The Montana special election has drawn national and international attention, especially as Thursday’s election neared. The race has attracted major media outlets and political players stumping for the candidates, including Vice President Mike Pence, the president’s son Donald Trump Jr. and Vermont Independent Sen. Bernie Sanders.

The alleged scuffle led cable news outlets throughout the night on the eve of the election and also was the top trending topic on Twitter.

The Quist campaign declined to comment on the incident.

Wicks offered his take on what happened.

“It’s been a long time since he’s not been able to solve everything with money and lawyers and he’s feeling frustrated that things are spinning out of his control,” Wicks said.

In terms of the election outcome, the voters will decide that tomorrow.

“I have a feeling he lost it,” Wicks said. “It will depend on how votes are coming in … My prediction is that it’s a three-way race tomorrow night.”

“The Guardian is deeply appalled by how our reporter, Ben Jacobs, was treated in the course of doing his job as a journalist while reporting on the Montana special election,” Guardian US editor Lee Glendinning wrote in an email to the Tribune. “We are committed to holding power to account and we stand by Ben and our team of reporters for the questions they ask and the reporting that is produced.”

The Guardian reported on April 28 that Gianforte has financial ties to a number of Russian companies that have been sanctioned by the United States. His spokesman said Gianforte did not oversee his portfolio on a day-to-day basis. Instead Gianforte focused on the “overall performance.”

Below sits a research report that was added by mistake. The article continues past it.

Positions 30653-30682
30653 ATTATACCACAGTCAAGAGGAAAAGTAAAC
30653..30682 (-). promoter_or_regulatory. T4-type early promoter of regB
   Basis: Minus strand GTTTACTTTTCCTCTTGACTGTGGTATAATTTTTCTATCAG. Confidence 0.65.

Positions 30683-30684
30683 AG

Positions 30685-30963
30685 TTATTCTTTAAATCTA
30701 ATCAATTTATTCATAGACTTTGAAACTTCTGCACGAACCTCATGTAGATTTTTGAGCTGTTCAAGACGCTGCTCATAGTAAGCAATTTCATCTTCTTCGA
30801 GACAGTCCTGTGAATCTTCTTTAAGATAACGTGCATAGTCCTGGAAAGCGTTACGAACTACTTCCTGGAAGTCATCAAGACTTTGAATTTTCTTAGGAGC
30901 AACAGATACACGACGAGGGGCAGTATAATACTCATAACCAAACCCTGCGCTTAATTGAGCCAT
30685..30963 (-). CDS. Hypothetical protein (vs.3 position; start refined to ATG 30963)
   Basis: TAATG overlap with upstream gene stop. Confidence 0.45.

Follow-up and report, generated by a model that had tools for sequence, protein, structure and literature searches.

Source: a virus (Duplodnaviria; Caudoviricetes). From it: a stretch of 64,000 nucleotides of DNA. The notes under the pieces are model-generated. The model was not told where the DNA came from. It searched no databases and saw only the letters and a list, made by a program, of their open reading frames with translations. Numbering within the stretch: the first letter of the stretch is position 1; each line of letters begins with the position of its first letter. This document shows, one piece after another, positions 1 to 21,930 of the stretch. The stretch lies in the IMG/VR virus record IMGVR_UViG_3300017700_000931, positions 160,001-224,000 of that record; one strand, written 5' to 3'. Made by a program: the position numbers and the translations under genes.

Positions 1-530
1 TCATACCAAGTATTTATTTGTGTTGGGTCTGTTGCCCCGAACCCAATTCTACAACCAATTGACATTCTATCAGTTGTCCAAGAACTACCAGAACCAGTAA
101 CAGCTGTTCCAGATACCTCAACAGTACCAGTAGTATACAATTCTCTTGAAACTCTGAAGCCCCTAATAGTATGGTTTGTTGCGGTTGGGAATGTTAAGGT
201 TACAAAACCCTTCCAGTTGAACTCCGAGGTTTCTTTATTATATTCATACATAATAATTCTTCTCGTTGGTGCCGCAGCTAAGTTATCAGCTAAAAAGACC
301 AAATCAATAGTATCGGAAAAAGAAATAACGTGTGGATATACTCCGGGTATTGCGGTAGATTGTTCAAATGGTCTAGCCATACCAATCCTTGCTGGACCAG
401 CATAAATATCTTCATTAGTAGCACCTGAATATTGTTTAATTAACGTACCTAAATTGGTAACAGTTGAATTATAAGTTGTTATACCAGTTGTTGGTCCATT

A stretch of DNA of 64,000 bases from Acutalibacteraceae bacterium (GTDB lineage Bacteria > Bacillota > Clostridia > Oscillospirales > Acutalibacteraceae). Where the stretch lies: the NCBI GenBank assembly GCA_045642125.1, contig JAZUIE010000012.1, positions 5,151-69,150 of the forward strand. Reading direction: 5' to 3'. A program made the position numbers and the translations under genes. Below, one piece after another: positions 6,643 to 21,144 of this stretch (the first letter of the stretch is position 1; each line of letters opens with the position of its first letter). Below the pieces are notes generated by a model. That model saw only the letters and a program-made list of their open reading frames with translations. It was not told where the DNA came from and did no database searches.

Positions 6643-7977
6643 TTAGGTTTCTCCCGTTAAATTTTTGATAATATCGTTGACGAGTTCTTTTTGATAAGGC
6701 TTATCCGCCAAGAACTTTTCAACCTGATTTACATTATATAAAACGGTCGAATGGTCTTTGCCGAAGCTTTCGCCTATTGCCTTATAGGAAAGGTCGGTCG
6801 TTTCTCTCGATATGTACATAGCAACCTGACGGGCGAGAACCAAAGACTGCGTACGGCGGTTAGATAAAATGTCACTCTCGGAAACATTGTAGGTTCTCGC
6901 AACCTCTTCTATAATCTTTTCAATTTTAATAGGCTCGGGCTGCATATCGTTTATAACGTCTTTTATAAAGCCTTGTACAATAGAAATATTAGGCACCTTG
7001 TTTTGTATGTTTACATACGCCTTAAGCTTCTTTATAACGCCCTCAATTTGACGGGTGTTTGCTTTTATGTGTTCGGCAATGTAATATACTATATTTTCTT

At a campaign stop in Hamilton in April, a Gianforte supporter asked Gianforte how to rein in the news media, which the man called “Our biggest enemy.” Gianforte smiled and pointed to a Ravalli Republic reporter and said “We have someone right here. It seems like there is more of us than there is of him,” according to the Ravalli Republic.

“This is a significant event within 24 hours of voting and is a focusing event,” said Jeremy Johnson, associate professor of political science at Carroll College. “Something like this could influence people who are on the fence about voting or undecided about the candidates.”  

“Over 250,000 ballots were already cast as of yesterday so probably the majority of votes are already in so the effect of this event will be more limited than if most ballots were cast on election day,” he said.

 

Veteran Montana politics reporter Chuck Johnson said in his near-50 year career, he’s never heard of anything like the scuffle that took place Wednesday evening.

“I started covering stuff in the early ’70s,” he told the Tribune. “I don’t recall anything like this happening before.”

The Tribune will update this story as it develops.

– Reporter Phil Drake contributed to this story.